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Healthcare Alternatives working group needs to understand Medicaid expansion experience from other states

Healthcare Alternatives working group needs to understand Medicaid expansion experience from other states

Fred Birnbaum
July 21, 2016
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July 21, 2016

The first meeting of the Legislature’s “Healthcare Alternatives for Citizens Below 100 Percent of Poverty Level” occurred July 20. The formal agenda included two subjects following the introductory remarks: 1. Review of proposed 2016 legislation relating to the health-care coverage gap. 2. Review of recommendations from governor work groups.

Although this was just the opening meeting, it seems to me this agenda is the policy equivalent of looking in the rear-view mirror. Granted, the co-chairman wanted to establish a “baseline,” so let’s not assume this was just a chance to rehash old proposals. I hope not, because there is all kinds of evidence from other states that Obamacare and the Medicaid expansion aren’t producing the promised outcomes.

I would suggest that before the legislative working group even considers policy proposals it should fully understand the experience of the other 49 states. Twenty-five states have expanded Medicaid in its traditional form, six states have expanded Medicaid but used some alternative model, and 19 states thus far have not expanded Medicaid. Idaho is in that last group. This is a great data set for benchmarking.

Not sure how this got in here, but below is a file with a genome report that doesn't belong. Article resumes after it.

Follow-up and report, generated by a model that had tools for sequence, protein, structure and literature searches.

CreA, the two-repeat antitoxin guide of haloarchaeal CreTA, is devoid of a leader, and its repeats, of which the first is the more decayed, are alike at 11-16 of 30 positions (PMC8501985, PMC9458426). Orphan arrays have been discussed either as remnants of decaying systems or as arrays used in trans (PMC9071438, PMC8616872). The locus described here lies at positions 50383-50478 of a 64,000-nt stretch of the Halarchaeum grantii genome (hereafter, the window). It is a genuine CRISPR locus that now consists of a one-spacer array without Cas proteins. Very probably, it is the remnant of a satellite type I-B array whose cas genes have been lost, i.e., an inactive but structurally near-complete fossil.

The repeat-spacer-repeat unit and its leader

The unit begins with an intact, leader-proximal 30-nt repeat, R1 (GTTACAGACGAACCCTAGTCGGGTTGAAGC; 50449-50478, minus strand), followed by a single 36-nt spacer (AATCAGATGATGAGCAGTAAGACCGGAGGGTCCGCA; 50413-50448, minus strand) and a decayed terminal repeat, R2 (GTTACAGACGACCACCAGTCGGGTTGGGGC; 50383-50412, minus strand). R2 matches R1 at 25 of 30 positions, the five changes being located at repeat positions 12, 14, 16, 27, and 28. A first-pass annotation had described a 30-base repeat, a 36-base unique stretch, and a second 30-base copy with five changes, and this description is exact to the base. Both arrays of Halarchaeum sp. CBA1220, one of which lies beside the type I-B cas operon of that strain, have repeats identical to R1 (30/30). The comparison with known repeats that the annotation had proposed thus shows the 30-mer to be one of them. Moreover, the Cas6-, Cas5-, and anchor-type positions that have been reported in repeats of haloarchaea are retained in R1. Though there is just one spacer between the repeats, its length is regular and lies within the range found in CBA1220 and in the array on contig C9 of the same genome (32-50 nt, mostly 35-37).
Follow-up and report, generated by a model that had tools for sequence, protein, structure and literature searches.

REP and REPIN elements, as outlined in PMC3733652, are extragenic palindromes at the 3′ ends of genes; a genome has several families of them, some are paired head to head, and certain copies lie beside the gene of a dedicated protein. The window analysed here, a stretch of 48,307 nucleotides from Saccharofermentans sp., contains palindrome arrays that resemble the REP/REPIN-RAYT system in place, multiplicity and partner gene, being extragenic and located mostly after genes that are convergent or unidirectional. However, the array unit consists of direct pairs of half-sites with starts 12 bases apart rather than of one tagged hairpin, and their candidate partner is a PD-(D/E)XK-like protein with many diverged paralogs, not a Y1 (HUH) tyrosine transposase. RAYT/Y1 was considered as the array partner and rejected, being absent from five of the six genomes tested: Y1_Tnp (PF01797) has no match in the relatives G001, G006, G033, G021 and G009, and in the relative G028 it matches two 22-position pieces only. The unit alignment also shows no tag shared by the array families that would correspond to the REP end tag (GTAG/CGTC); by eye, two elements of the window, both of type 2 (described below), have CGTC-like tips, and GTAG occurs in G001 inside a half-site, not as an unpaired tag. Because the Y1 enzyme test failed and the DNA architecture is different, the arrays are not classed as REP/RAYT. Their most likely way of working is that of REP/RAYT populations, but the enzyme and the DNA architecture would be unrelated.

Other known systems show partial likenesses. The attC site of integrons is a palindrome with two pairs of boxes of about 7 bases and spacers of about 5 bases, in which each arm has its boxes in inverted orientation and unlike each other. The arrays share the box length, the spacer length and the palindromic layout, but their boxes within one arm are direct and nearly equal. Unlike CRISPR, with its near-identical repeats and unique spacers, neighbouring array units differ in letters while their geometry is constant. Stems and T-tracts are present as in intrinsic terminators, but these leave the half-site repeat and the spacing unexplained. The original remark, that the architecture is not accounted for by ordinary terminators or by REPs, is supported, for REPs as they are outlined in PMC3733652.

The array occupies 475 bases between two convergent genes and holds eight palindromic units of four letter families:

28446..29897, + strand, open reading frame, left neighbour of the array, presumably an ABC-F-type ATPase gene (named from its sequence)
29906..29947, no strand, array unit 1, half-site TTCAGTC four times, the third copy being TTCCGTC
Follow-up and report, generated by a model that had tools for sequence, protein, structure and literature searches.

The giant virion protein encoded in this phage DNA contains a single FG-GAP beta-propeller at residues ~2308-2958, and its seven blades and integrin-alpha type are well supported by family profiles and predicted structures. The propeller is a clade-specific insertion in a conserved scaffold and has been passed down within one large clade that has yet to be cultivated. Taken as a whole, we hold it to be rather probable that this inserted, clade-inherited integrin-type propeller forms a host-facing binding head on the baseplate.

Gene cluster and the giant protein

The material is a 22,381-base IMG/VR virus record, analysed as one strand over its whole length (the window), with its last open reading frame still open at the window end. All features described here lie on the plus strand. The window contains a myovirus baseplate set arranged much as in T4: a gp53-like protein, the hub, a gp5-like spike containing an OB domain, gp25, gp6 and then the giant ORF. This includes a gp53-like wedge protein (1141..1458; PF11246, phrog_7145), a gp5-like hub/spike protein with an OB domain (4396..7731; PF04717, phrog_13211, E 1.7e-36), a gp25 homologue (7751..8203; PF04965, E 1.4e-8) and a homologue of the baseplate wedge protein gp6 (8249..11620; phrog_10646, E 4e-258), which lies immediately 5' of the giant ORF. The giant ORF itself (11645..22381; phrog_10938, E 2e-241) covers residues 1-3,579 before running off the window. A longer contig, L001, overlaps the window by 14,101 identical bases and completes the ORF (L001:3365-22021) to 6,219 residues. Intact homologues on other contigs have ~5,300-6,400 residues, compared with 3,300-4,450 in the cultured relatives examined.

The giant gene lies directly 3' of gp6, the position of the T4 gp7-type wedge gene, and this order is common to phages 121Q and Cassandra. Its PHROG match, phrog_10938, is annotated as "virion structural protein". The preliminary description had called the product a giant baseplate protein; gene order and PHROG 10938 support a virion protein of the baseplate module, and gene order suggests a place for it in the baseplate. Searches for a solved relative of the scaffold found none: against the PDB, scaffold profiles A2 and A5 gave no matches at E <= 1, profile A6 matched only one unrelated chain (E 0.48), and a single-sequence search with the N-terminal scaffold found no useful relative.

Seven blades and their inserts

After a review of legislation introduced in the past session, the working group turned to Health and Welfare Director Richard Armstrong to review the recommendations from the governor’s work groups. Director Armstrong acknowledged the governor’s work group was directed to find a path to Medicaid expansion. The option that was selected, Healthy Idaho, or option 3.5, was described as a hybrid of traditional Medicaid expansion and the “Arkansas” model, which used federal money to cover the expanded Medicaid population through Qualified Health Plans sold on the exchange.

According to a thorough review of the “Arkansas” plan by the Platte Institute for Economic Research, Arkansas’ Medicaid expansion costs have been far higher than expected. Prior to the Medicaid expansion, it was projected in 2013 that the cost per new enrollee would be $3,900 per year, but the actual cost in 2014 was $5,900 per year.

Similarly, Brian Blasé, in a recent Forbes article states, “the average cost of the Affordable Care Act’s Medicaid expansion enrollees was nearly 50% higher in fiscal year (FY) 2015 than HHS had projected just one year prior. Specifically, HHS found that the ACA’s Medicaid expansion enrollees cost an average of $6,366 in FY 2015 — 49% higher than the $4,281 amount that the agency projected in last year’s report.”

It is imperative the working group not lead Idaho down a failed path to Medicaid expansion in its quest to address the “gap population.” Armstrong said he did not know what percentage of the gap population had chronic diseases. That knowledge “gap,” coupled with mounting evidence from other states, suggests Idaho needs to come up with a different solution than what was proposed either by Director Armstrong or captured by most of the legislation presented during the 2016 session.

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